With just over three weeks until Ontarians vote we have started to see some dramatic shifts in the numbers for Ontario. Polling needs to be taken with a grain of salt, especially this far out from the actual voting day. Since the start of the campaign the numbers have been relatively stable until the last few days. This week poll aggregators have seen both the Liberals and Progressive Conservative numbers fall and the NDP numbers go up.
I cannot be overstate this: projections are merely educated guesses based on previous elections and current polling - they are vulnerable to failures. That said, some of the projections have come up with some shocking outcomes.
One thing remains consistent so far and that is that the PCs are projected to win the most seats and a majority government. One of the most notable poll trackers in the province is CBC's. In the latest calculations CBC says the Liberals may win as few as two seats! The latest numbers from CBC suggest that the PCs would win 85 seats with 40.8% of the vote, the NDP would win 37 seats with 30.7% of the vote and the Liberals would win 2 seats with 23.5% of the vote.
But looking at these graphs the orange heart that beats in my chest cannot help but hope for the word momentum. As I've outlined on previous posts on this blog Kathleen Wynne and Doug Ford's unpopularity with the public offers a tremendous opportunity for the New Democrats. If Andrea Horwath has begun to succeed in convincing voters she and her party is the left-wing alternative then things could swing dramatically.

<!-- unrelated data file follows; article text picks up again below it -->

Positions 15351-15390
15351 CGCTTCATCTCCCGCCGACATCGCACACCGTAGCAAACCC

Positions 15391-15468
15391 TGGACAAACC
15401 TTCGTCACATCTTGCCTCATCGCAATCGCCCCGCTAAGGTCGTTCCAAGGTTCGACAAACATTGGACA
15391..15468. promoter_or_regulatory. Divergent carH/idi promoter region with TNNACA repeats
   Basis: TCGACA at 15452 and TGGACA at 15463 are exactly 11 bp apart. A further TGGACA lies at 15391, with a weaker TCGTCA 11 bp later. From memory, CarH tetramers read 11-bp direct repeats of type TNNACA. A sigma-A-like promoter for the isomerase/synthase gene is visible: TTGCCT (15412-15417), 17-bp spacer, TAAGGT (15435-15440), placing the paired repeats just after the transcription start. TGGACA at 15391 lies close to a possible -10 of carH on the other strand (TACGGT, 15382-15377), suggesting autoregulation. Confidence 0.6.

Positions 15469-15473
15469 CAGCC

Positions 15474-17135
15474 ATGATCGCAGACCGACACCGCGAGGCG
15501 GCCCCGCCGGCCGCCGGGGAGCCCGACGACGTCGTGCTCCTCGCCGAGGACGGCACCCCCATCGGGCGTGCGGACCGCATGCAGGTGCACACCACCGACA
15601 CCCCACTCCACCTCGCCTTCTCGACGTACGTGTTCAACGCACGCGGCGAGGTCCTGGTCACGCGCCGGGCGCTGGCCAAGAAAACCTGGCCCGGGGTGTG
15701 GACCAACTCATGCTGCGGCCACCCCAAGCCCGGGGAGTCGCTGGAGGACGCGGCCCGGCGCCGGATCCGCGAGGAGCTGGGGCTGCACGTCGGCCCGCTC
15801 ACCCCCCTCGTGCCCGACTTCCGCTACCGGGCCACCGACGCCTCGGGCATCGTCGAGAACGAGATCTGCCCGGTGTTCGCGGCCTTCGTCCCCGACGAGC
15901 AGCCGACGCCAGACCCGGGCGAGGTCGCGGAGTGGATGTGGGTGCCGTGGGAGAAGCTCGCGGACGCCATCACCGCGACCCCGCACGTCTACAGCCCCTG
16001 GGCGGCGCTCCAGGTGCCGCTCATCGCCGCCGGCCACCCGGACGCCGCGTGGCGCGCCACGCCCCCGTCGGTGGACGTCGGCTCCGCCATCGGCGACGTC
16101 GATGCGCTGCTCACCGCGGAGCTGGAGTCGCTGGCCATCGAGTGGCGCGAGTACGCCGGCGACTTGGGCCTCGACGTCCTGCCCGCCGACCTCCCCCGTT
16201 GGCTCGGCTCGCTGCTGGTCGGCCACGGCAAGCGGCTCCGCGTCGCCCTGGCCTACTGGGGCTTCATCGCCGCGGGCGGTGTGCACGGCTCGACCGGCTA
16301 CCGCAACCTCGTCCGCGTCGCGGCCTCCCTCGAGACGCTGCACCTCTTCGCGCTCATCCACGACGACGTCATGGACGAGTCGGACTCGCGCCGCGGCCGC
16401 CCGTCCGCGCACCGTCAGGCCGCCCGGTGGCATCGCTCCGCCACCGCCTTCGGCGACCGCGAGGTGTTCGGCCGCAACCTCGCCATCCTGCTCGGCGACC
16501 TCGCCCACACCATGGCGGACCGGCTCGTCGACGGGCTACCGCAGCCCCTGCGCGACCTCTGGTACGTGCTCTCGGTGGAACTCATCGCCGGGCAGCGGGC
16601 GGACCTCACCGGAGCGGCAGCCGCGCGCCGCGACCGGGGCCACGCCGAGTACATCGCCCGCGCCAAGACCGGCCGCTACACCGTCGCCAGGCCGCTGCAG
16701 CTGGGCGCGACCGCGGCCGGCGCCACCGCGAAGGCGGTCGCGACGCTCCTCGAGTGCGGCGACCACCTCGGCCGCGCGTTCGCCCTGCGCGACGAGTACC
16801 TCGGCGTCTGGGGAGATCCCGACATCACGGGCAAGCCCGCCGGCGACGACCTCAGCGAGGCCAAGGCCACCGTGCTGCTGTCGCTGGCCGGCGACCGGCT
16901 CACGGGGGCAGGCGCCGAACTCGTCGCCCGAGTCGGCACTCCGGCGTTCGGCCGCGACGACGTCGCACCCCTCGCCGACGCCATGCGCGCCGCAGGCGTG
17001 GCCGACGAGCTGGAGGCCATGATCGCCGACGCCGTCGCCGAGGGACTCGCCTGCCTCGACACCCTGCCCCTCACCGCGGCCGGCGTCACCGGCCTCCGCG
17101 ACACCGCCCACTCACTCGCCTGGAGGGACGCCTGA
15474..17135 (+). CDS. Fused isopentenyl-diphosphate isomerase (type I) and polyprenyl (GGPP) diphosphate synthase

While digging online for information about seat projections I came across an interesting image on Twitter. Someone ranked the ridings that the NDP could win. It's normal after an election for parties to rank their ridings from strongest to weakest performance. It helps to identify ones to target. This is especially true in countries with clearer two-party systems where a swing between parties will indicate seats changing hands. Regardless the list of seats the ONDP may win to form a minority or majority government. Some of the seats on the list seem like challenges but not outside the realm of believability, like the Downtown Toronto ridings. Many of the others are from the 905 in Peel, Durham and York and Scarborough. These are the places the road to an NDP government must pass.
Lawn signs are mushrooming around my area. Every day I notice a new set have gone into the ground. Looking at the numbers the projections produce and what I feel on the ground can be difficult to square.
If you're interested in projections I would recommend the follow people's websites. They can also be valuable to follow on Twitter.
Eric Grenier - CBC
@ElectionatlasCA on Twitter
@EarlWashburn on Twitter